Intensive farming

Intensive farming is the industrialization of agriculture and it is essential now that there are so many of us — more than 7 billion souls, most of whom live in cities.   

We have been able to make farms more like factories through

  • mechanization
  • use of fertilizers [especially nitrogen phosphorus and potassium and the secondary nutrients: sulfur, zinc, copper, manganese, calcium, magnesium and molybdenum]
  • irrigation
  • herbicides
  • pesticides
  • changes to how crops are grown [eg high planting densities]
  • breeding of high-yield varieties
  • making animal feed easier to digest
  • providing winter shelter for livestock  

This overall intensification of farming began with the industrial revolution and took off after oil and technology became universally available from the 1950’s.   It has resulted in huge increases in both crop yield and productivity.

For example, current average wheat yields in developing countries are more than 3.5x greater than they were in 1950.

Why intensive farming is important

In the scheme of things farming is a recent invention. Domestication of food plants and livestock sufficient for just a few people to till the land and feed many more than their families began just 10,000 years ago. 

Humans had managed to spread across the world by this time but existed in small numbers, hunting and gathering as they went. Agriculture made staying put possible and with that came permanent dwellings, commerce, culture, and, of course, many more people.

As much of the controversy about global warming and the impact of climate change effects is about how fast it all happens [abrupt climate change], it is worth thinking about how recent and rapid the growth of the human population has been thanks to the invention of farming.

There were perhaps as few as 1 million humans alive 10,000 years ago. And this represented something of a recovery from the effects of the Toba super-volcano in what is now Indonesia that genetic evidence suggests that some 70,000 years ago might have reduced human numbers to fewer than 15,000 —less than half the average attendance at a mid-table Premiership soccer match in the UK.

By 5,000 BC there were 5 million people.

By 1,500 AD numbers had grown to 500 million.

500 years later and there were 5,000 million people.

Recall that modern humans, the species Homo sapiens, have been around for 250,000 years and the genus Homo for 2.3 million years. This makes population growth following the invention of agriculture staggeringly fast — a genuine population explosion.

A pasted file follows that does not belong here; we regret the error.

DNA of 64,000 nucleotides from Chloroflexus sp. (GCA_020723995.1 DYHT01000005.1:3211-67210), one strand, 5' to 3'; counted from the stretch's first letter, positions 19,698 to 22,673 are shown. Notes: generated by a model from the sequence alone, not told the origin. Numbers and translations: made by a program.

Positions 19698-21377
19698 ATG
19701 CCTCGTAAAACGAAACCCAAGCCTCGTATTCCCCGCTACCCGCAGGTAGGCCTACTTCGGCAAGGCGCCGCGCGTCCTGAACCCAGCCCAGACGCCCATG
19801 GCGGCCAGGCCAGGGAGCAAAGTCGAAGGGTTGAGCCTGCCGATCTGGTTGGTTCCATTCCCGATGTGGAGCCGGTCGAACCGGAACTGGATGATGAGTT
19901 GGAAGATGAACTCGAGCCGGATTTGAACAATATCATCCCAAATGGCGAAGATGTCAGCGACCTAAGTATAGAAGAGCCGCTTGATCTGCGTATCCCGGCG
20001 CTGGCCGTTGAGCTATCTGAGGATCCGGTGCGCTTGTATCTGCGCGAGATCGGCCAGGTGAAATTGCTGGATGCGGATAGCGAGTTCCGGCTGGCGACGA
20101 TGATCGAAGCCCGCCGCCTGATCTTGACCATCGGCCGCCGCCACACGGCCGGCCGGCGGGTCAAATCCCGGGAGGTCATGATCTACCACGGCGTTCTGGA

Intensive farming works

Industrial scale farming, where the rate of food production is pushed hard through mechanization, nutrient and energy subsidy, usually in monocultures of crops chosen for the local soil and climate conditions, has helped grow more people.

Perhaps more surprising than the rapidity of population growth is that agricultural production has managed to keep pace.

Global food production per capita has increased steadily over the last 50 years, mostly because of intensive farming. This is a remarkable statistic given that in this time the number of people in the world has more than doubled from 3 billion to 7 billion.

So far intensive farming has worked. Food production has kept pace with the increasing number of people.

Food is also cheaper than it was. Production at scale means that the unit cost is generally lower than it used to be, even though there are many more inputs.

Add to this a greater buying power — work for an hour today and you can buy 11x more chicken than you could for an hours work in 1900 — and most consumers find food easily and for a much lower proportion of their weekly budget than in times past.

Poverty and famine still exist of course. However, this is more to do with regional differences in production and inequality of food distribution, not because there is not enough food to go around.

In the west we waste almost as much food as we consume and many individuals eat many more calories than we need to remain healthy. Most years there is more than enough food to end hunger although, so far, we have no solutions for exactly how we will pay for the necessary redistribution and education to make it happen. 

Climate change effects on intensive farming

Climate change will mean that some crops with intensive production systems will be at higher risk from temperature [heat and frost], moisture [drought and flooding] and seasonal shifts [onset and duration of growing season].

Climate shifts will also expose some crops and regions to pests and diseases that are able to move into new areas that become within their tolerance.

A greater frequency and/or intensity of severe weather will increase the probability of crop losses.

A failed crop grown on an industrial scale means a commercial scale exposure for the producer. Farm business will operate with higher risk and will need to invest and insure accordingly.

When the production system is pushed hard the system is taught, finely tunes and tight. Any extra stress greatly increases the risk that the system will break. In many parts of the world climate change effects will put greater stress on agricultural production.

The conundrum

In the past most people could grow most of their own food. Intensive farming made it much cheaper and easier for consumers to buy food.

People moved to cities to get jobs to buy food and became physically and psychologically remote from farms. Then along came the television to eat up any spare time that people might have used to grow a few vegetables in the garden.

So now most of the global human population is dependent on intensive agriculture — it is essential to keep us all alive. We are long past the point where we can all go back to nature and grow our own food. We are stuck with something that we may not really want.

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